Also read: Government initiatives launched for long COVID sufferers

Disclaimer: This article contains general information about health issues and is not advice. For health advice, consult your medical practitioner.

Brad Lockyer
Brad Lockyer
Brad has deep knowledge of retirement income, including Age Pension and other government entitlements, as well as health, money and lifestyle issues facing older Australians. Keen interests in current affairs, politics, sport and entertainment. Digital media professional with more than 10 years experience in the industry.


  1. I don’t believe this survey. The vast majority of people seem to think Covid is over but supposedly 2/3rds of those ask were concerned. And almost 9/10 of GPs? I went for an operation recently and none of the other patients were wearing a mask and, apart from in the operating theatre, I saw 1 member of staff wearing one. If most people ar concerned why hasn’t clean air, masking etc been mandated in places of high risk like medical facilities, public transport and theatres etc. Covid is over to most people.

  2. Covid (or should I say the flu of 2020?) is long over and gone, at least the virulent type that was initially experienced. Any virus over time becomes endemic, more contagious but less virulent.

  3. My husband and I are in our late 70’s. Neither of us have had the Flu (renamed Covid in 2020) nor did we have the jabs. Nor do we take any medication. I get sick of all the misinformation from the government & media. It was and is all about control.

    • Absolutely totally agree. I’m 72 and refused to fall for the ‘if you’re over 60 and don’t get the jab, you will die’. During the pandemic time, I had to take a close friend to hospital numerous practically weekly, and I never wore a mask. I had 2 operations – was never once asked about my vax status – not once. This same friend is totally convinced it was jab 1 and 2 that ruined his health, and led to 3 major operations. I travelled for 6 months (only in Qld due to ludicrous border closure) – never once was a problem. I visited my 84yo aunt in an aged care place, she was treated horribly because she refused the jab: even at one stage they were saying she could no longer stay there. She was isolated and given 2nd grade care, but hey, she didn’t even get Covid, let alone die from it, and not one person at the facility died from it. (though funny enough, when one person she knew was taken to hospital for end of life care, it was said he died of covid – no, he died with it).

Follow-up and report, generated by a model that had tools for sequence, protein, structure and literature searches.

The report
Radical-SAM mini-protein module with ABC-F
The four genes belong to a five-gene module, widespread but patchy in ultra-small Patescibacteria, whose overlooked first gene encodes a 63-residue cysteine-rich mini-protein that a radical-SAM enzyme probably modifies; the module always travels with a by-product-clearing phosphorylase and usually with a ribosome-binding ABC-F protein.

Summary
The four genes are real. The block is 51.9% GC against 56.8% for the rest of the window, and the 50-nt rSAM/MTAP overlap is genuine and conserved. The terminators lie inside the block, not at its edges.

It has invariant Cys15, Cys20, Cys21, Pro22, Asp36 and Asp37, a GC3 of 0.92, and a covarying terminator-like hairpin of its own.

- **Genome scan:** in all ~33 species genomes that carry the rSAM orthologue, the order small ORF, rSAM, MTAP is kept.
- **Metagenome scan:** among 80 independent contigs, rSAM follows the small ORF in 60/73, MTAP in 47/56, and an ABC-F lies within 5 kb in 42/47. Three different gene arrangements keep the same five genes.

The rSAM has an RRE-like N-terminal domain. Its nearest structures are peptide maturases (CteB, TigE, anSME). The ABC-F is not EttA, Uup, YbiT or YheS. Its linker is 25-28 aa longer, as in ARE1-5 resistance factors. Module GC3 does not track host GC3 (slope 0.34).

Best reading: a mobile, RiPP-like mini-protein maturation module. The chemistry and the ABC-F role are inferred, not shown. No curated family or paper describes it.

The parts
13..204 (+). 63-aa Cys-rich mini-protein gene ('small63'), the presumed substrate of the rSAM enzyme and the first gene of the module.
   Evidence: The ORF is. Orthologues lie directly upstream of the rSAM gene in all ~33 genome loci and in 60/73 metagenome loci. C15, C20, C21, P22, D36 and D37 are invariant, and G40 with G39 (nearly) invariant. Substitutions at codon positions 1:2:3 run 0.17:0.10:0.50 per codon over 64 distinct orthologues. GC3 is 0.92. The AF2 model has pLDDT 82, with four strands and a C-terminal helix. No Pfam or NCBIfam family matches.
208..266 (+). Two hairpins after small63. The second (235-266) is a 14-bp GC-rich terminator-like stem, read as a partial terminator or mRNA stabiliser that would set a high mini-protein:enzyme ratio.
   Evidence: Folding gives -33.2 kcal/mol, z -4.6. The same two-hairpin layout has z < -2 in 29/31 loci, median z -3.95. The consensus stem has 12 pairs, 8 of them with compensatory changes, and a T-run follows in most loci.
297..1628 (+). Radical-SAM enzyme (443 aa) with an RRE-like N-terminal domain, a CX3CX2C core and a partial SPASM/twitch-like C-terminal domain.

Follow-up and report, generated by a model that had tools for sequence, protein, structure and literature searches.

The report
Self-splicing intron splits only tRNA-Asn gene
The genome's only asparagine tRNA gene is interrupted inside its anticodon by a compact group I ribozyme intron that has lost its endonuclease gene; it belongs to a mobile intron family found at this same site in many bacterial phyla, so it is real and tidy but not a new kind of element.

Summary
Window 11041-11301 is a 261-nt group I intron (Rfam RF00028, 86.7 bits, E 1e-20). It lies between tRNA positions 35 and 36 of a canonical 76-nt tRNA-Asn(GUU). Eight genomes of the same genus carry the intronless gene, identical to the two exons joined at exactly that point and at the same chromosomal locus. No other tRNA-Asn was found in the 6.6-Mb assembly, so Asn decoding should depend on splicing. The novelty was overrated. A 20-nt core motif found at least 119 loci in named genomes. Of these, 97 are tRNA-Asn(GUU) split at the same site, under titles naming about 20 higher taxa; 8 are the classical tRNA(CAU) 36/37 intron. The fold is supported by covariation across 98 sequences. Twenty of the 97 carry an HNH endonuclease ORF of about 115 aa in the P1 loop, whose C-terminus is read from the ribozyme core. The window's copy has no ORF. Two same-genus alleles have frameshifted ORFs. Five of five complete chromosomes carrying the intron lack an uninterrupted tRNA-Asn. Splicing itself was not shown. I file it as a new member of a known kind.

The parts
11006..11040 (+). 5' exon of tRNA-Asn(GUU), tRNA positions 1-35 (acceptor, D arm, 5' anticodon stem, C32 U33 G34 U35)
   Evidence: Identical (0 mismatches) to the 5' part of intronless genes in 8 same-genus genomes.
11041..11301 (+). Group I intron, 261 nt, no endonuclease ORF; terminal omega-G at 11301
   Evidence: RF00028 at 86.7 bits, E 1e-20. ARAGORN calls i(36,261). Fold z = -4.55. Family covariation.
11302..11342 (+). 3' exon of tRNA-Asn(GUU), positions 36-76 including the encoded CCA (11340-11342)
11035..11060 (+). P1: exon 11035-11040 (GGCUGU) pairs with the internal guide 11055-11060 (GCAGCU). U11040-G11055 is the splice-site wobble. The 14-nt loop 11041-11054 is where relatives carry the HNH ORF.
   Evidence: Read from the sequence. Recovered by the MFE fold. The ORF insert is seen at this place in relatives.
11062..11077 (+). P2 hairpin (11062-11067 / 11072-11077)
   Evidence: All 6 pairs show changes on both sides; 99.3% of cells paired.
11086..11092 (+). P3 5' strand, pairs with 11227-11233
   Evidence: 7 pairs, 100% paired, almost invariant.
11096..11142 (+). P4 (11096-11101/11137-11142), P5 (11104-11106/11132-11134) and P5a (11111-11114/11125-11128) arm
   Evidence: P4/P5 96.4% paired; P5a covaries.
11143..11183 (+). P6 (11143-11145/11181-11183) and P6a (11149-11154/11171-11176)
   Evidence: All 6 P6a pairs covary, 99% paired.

My closest friend was a doctor with a very successful practice. She sold it, retired at 54, because she could not go along with all the nonsense. Now, I come across so many friends and acquaintances who say their biggest regret was being conned into having the jab.
      I’ve never had the flu jab, in 22 years, never even had a cold. I am so sick and tired of this continual scare mongering.

  4. Still no mention of the obvious. Check your vitamin d levels! If not in the well above average range start taking it now, because it takes 60 days to increase levels to a good level if they are low.
    Use an antiviral nasal spray before and after all indoor events.
    Take zinc. Wash hands. Don’t hug everyone.